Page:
ADELAIDE - While National Capital District governor Powes Parkop may be right in his analysis of the problem of Port Moresby's unreliable electricity supply, the solution he is proposing is not necessarily the best.
If by privatisation Parkop means selling the power assets lock, stock and barrel to a private company, then I believe he is advocating the wrong solution.
Doing that will merely ensure that a foreign company becomes the monopoly provider of a vital essential service.
Experience here in Australia and elsewhere in the world suggests this will be a mistake which merely opens Papua New Guinea and the citizens of Port Moresby open to exploitation by 'price gouging'.
The better option may be to split PNG Power Ltd into several parts.
These would probably comprise a single privately owned generator company (with the government as a major but not majority shareholder), a private transmission company (responsible for high voltage lines going to sub-stations), and a government owned but privately managed distribution company which retains ownership of the poles and wires that run to homes and businesses.
The government can invite prospective retailers of electricity to set up in Port Moresby and offer customers their services at the best rates they can.
These rates will depend upon the commercial arrangements they can negotiate with both the generation and transmission companies, which would probably involve a sliding scale of costs dependent upon the volume of electricity being sold.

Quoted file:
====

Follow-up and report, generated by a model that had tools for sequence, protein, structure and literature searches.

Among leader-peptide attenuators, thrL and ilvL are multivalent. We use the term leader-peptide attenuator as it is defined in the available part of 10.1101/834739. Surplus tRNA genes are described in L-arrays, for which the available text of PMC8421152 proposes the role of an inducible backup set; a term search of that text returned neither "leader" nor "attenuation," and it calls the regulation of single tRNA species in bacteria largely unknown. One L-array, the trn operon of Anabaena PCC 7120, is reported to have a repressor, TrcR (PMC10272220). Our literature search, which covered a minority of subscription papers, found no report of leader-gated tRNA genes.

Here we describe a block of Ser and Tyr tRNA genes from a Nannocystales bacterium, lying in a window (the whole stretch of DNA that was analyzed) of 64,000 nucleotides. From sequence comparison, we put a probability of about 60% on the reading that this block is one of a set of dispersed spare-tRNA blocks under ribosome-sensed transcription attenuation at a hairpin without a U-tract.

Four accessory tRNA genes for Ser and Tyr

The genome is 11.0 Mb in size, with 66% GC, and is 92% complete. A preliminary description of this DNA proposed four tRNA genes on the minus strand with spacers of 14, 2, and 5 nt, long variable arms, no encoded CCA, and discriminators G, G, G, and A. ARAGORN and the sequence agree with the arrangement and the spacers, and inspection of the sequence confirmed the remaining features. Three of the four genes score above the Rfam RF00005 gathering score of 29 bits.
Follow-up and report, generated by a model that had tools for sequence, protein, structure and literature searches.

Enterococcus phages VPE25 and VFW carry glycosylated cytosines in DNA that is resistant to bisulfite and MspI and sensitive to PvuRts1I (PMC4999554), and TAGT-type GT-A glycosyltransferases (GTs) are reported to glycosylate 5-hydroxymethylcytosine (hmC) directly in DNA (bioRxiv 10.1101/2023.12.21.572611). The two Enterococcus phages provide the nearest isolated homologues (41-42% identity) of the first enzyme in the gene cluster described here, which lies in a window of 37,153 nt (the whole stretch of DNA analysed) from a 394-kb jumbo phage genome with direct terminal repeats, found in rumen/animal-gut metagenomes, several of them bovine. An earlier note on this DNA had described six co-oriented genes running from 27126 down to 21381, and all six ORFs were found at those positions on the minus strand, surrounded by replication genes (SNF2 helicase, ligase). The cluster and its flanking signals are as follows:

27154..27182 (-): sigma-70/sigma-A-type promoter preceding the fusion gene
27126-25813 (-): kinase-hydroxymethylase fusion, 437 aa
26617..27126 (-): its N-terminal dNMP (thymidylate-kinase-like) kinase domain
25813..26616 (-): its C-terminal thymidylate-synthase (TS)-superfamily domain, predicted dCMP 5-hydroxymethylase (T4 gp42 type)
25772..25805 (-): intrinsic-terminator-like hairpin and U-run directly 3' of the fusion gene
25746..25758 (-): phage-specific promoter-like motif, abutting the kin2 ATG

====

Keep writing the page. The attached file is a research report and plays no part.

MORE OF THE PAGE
The distribution company, being a government owned monopoly, would make the same charges against each and every retailer thus ensuring a level playing field in relation to distribution.
What both a generator and a transmission company want is a steady and predictable load on their systems, so the volume and timing of electricity use becomes a key commercial issue.
Consequently, this ensures that the retailers which succeed in attracting the most customers, and have the most efficient and cost effective operations, can do competitive volume based deals for the purchase of wholesale electricity which would be reflected in both their offer to customers and their profit margin.
The important thing in this is that the government continues to own the poles and wires, meaning that it has commercial leverage across the whole system.
Experience shows that this gives the government an important means of influencing how, when and where electricity is distributed.
Over this whole industry the government can set up a national electricity marketing authority whose task is to ensure that the system functions smoothly, with the various parts working harmoniously.
While this sounds complex (and is) there are models of this system available for study in Australia and, although they are by no means perfect, they do appear to work pretty well in creating a market based but quite tightly regulated means of providing an essential service.
In any event, privatisation of such an essential service should not be turned into a private monopoly of the type apparently being proposed by Governor Parkop.
If this happens, it will be a case of jumping out of the frying pan and into the fire.
Monopolies are always exploited to price gouge customers because the temptation to do so is overwhelming. Even Adam Smith warned against them.
So, as the Romans would have said, caveat emptor (let the buyer beware) when setting up any new electricity supply system.